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The 411 on Loan Structure

  • Posted on December 10, 2020
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There are many reasons that you may need a business loan—it’s time to expand, you need new equipment, you may want to consolidate debt or refinance existing debt, or you may need a little extra capital to keep the gears turning. Whatever the reason, you may feel overwhelmed by the financing process. That’s why we’ve compiled the list below of loan structure basics to help you “talk the talk” with your Lender. (But it’s ok if you still have questions... we’ll walk you through every step of the process.)
First things first. Loan structure refers to the components that make up a loan, like the loan term, interest rate, collateral, and repayment.
Amortization is the process of spreading out a loan into payments that consist of both principal and interest over a set timeline, called an amortization schedule. A portion of each payment goes towards interest costs (what your lender gets paid for the loan) and reducing your loan balance (also known as paying down the loan principal).  While some commercial loans are fully amortizing, some business loans have a balloon payment (principal amount due at maturity).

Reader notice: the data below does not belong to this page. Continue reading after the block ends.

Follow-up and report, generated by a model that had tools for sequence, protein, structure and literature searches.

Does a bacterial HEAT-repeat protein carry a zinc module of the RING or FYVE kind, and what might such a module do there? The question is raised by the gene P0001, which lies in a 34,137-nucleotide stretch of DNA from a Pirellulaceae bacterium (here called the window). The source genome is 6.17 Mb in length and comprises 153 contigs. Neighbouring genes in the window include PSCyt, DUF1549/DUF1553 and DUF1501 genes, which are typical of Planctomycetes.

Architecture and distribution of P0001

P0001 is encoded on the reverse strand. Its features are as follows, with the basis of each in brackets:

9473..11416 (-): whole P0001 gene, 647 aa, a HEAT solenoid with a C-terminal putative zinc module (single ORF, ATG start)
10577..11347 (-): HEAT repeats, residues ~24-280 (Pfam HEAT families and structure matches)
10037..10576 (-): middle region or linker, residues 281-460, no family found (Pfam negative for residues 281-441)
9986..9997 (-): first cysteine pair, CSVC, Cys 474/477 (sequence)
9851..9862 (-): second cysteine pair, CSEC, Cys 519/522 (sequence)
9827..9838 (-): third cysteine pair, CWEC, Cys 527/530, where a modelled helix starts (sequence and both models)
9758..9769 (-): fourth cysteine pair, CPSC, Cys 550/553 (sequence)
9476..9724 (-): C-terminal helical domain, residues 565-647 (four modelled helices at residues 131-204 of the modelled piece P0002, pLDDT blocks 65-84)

Interest rate is the percentage of the loan sum you pay back to the bank for borrowing money.
LTV, aka loan to value ratio, is the ratio between your loan amount and the value of the collateral.
Origination is the process of a borrower applying for a new loan, and a lender processing that application. Origination generally includes all the steps from taking a loan application up to disbursal of funds.  
Principal refers to the amount of the loan, excluding interest or other earnings, that must be repaid to the Bank.
Term of loan will be the length of time between the origination and the maturity date.  Depending on the payment schedule of the loan, you may have a principal balloon payment at the end of the loan term.
Underwriting is the process of calculating the associated risk of a loan by checking the borrower’s credentials. Typically carried out by a financial institution, an underwriter may look at the borrower’s credit history, cash flow coverage, collateral, etc. to determine the approved loan terms.
Putting all these into practice can be tricky—math isn’t everyone’s strong suit—but a lender can help you determine your total payment (principal + interest), as well as your monthly payments with an amortization schedule. 
Now that you know the basic, let’s take the next step together. Reach out to our expert Lenders in your area to help get the financing you need for your business to reach its goals.

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